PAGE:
Snowmobile Repair Work You Can Do Yourself

snowmobile repair work that you can DIY makes you feel like this guy

Snowmobile Repair: Keep Your Sled in Good Condition Without the Mechanic Bills

 

Not every tiny setback with your snowmobile should have you running for the phone to call your local repair shop. In fact, in the middle of winter, you have to expect that your local shop is going to have a sizable backlog of snowmobile repair work on deck. So don’t let those long wait times deter you from taking care of your sled. In the long run, maintaining your snowmobile is going to take much less time, money and effort than repairing it will.

So before you let your sled break down, take a look at this list of snowmobile repair work that you can do for yourself at home.

 

Snowmobile repair work shouldn't keep you off the trails

 

Be Prepared to Take on Snowmobile Repair Work at Home

 

Before you get the toolbox out and have to deal with a pool of oil seeping across the garage, make sure you have the right knowledge for the job! Don’t start the work without your snowmobile’s correct repair manual. It’s going to tell you everything you need to know about making adjustments and handling regular maintenance or full-on repairs.

Also, when in doubt, check out YouTube! It’s a guarantee that you’re not the first person to experience whatever problem your sled has. It’s also a pretty safe bet that someone has taken the time to record themselves making that same snowmobile repair, or adjustment, and has uploaded their tutorial to YouTube. No matter how handy a person you are, it’s always good to have some reassurance that you’re making the right moves.

 

Before embarking on snowmobile repair work, so you can hit the trails like this guy, read through your manual.

 

Fluid Levels are Important

 

One of the most obvious things to do at home is the same thing you do with your car. Maintain those fluid levels. Regularly change your snowmobile’s oil according to the manufacturer guidelines. This is going to keep your sled happy and running healthy all season long. It will also minimize any snowmobile repair work you will need to tackle down the line.

You need to think about your chaincase oil, too. This also needs to be changed in with certain frequency and is every bit as important as your engine oil. Keep your drive train happy and healthy for a long time by following those helpful manufacturer guidelines.

Again, don’t go in blind if you don’t know what you’re doing! Check out trusted resources like this great tutorial on oil changes from snowmobile.com.

 

Keep on the trails like this guy and make sure your snowmobile repair work is minimized through regular maintenance

 

Adjust the Chain Tension

 

If you’re thinking about your chaincase oil, it’s probably a good idea to think about your chain tension as well. A loose chain is going to skip and possibly even grind on your sprockets. This can cause damage which is going to leave you in need of those professional snowmobile repairs.

Get Greasy!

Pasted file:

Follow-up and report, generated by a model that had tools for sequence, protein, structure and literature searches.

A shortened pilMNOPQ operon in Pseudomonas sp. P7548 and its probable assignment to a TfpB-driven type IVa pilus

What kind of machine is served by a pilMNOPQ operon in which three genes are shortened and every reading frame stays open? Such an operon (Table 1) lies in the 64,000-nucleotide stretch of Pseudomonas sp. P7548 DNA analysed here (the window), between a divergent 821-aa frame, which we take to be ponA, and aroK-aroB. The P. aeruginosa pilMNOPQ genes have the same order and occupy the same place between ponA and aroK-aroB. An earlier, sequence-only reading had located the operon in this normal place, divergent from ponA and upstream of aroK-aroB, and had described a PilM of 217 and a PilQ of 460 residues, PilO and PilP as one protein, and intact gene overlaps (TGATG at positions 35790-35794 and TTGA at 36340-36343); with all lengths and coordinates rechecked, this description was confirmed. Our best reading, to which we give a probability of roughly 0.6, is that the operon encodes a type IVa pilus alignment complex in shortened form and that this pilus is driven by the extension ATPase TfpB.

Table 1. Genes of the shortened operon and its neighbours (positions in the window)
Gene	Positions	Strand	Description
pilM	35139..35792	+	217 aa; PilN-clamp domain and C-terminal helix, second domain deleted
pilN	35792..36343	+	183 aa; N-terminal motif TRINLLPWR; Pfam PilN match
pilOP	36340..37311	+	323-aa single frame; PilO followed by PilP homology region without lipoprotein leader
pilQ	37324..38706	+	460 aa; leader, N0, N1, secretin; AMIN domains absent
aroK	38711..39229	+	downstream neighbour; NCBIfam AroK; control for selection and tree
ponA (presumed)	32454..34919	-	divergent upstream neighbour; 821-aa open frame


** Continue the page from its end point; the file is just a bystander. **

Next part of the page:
Grease is the lifeblood of your snowmobile. Get some fresh grease in all the spots that need it: rear and front suspension, the steering components, and the drivetrain are all going to need it at certain intervals. Make sure to take a look around to see what it needs.

 

Snowmobile repair work can be done with basic tools like these wrenches.

 

Perform Regular Snowmobile Maintenance

 

Certain parts of your sled are going to wear down over time, like your bolts and fasteners. You also need to think about your clutches. Make sure to take regular looks at all of these components. Your clutches need to be cleaned periodically, and sometimes even rebuilt, but you’ll never know if you’re not keeping with a schedule. This might sound like a lot of work, but you’ll be breathing a sigh of relief when you don’t have to face those bills from the snowmobile repair shop.

 

Keep it Clean!

 

This might sound like a no-brainer, but we’ve all got that friend. The person with a sled that’s always covered in salt and mud and whatever else they’re picking up. While they might be going for that “battle-scarred” look, it’s not going to look as cool when their sled turns into a pile of corroded rust. You wouldn’t let your car go all winter without a trip to the car wash, so don’t submit your sled to that kind of torture!

 

Make an Inspection Schedule for Your Snowmobile

 

Some things don’t have specific end dates. Your hyfax and carbides are vital to the performance of your sled, but you can’t just say they need to be replaced every X amount of miles. Make a schedule for yourself to routinely check out the health of your hyfax and carbides.

Inspect your lights as well. Headlights and tail lights might not be something we typically think of as needing repairs, but it’s something your snowmobile needs in order to be safe. You don’t want to be riding home at sunset and find out that one or both of your headlights are out.

 

Is your snowmobile in need of repairs or are you taking care of things at home so you can ride like this guy?

 

Lots of Snowmobile Repair Work Can Be Done By You

 

With the right knowledge, there’s no need to take your snowmobile into the shop for professional hands (and professional bills) for every little thing. Not to mention the season is only so long, and you want your sled to spend as much time on the trails, and at as many snowmobiling events, as possible.

Some repairs and maintenance are easy enough to do at home. Save yourself some cash this season and take matters into your own hands!

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